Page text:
The National Union of Metalworkers of South Africa (Numsa) said it will be meeting with its members after the Labour Court in Johannesburg interdicted its strike at ArcelorMittal.
Thousands of workers affiliated to the union were due to embark on a strike against the steel producer this week after serving the company with a 48-hour notice.
Workers are demanding a 10% wage increase across the board, a housing allowance, 80% medical aid contribution of the employer, and to scrap the labour brokers and insourcing of temporary employees.
The ArcelorMittal board offered an increase of 5% across the board and also offered workers 2% of their salaries in cash as a monthly amount.
The union rejected the proposal.
In a statement, Numsa spokesperson Phakamile Hlubi-Majola said the union has taken note of the Labour Court’s decision to interdict the strike.
“The court application was brought by ArcelorMittal South Africa to block workers in Blast furnaces, Coke Batteries and the Steel Plant from participating in the strike.
“AMSA made the application to the labour court on the basis that an application to possibly declare some aspects of its business as “essential services” are pending before the CCMA Essential Services Committee (ESC).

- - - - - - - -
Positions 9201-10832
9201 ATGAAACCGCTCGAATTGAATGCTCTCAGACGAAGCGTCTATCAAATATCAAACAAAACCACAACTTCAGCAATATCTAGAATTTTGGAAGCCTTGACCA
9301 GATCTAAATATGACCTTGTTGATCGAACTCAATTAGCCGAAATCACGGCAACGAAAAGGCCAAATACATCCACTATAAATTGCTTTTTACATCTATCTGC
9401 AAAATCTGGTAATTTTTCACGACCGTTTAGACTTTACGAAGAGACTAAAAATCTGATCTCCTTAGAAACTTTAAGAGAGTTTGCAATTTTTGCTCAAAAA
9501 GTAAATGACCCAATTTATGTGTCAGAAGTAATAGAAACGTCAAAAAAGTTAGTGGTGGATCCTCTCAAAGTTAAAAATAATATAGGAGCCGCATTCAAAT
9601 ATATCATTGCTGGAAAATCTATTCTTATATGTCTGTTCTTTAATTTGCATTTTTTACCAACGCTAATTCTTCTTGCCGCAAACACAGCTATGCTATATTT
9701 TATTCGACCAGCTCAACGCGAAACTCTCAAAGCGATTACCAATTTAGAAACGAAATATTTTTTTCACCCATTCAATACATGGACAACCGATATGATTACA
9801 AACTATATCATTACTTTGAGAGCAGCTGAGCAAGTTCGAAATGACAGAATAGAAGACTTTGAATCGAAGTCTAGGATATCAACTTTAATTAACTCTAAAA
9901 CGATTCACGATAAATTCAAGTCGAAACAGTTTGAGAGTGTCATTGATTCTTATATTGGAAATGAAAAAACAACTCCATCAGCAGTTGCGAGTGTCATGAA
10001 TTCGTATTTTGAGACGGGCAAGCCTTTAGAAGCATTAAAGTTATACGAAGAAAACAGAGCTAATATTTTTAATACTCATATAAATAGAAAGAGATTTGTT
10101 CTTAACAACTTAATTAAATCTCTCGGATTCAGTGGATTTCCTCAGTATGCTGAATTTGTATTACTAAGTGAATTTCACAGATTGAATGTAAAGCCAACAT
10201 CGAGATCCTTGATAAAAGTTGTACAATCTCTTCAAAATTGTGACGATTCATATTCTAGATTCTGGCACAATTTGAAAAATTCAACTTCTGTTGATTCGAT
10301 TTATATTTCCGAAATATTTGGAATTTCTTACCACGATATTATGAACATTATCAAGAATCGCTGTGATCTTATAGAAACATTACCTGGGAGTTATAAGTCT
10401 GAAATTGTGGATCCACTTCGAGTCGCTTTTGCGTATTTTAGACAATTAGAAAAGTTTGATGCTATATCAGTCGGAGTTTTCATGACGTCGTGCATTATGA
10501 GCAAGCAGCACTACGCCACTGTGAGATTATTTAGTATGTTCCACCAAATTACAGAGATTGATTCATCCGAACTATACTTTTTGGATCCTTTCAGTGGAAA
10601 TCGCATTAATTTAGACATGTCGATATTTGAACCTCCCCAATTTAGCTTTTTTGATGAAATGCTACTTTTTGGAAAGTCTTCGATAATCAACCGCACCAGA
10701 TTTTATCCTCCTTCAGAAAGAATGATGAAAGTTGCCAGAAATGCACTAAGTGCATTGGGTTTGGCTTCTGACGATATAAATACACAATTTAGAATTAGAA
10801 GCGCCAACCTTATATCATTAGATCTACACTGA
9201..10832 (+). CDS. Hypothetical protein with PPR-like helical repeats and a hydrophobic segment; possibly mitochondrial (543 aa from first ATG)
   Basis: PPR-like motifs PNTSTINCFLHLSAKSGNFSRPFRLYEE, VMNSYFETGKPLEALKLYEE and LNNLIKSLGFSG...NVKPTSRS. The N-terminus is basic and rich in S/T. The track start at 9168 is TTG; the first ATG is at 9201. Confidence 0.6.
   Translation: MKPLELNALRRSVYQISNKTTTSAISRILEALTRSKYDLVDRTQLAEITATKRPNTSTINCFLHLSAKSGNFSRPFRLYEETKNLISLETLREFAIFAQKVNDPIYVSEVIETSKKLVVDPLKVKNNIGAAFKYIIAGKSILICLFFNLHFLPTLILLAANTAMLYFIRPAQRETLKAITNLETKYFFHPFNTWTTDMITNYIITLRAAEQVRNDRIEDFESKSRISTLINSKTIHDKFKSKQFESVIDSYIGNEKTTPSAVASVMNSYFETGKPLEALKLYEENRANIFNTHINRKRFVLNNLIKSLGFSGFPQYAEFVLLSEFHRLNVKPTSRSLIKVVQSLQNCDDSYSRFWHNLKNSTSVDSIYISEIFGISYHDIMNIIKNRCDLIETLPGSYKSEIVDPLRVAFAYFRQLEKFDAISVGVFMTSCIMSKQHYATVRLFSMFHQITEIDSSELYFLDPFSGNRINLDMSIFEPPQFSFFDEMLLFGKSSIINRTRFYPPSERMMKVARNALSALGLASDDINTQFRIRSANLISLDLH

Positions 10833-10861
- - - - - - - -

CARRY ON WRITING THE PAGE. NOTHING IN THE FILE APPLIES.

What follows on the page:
“The ESC is due to make a determination on whether these aspects of the AMSA business are to be declared ‘essential services’. This matter is still before the ESC and a decision has not yet been made,” Hlubi-Majola said.
Hlubi-Majola said the interdict does not bar all workers from embarking on the strike.
“Justice Mahosi of the Labour court interdicted the strike temporarily but only for workers in the Blast Furnaces, Coke Batteries and the Steel Plant, until a final judgment has been made.
“This means that only workers in these departments are unable to participate in the strike but all other workers can participate.”
Hlubi-Majola said most members in the affected divisions are not aware of the interdict and it will be consulting with them on the way forward.
“We will then communicate with the company after concluding consultation with our members,” Hlubi-Majola said.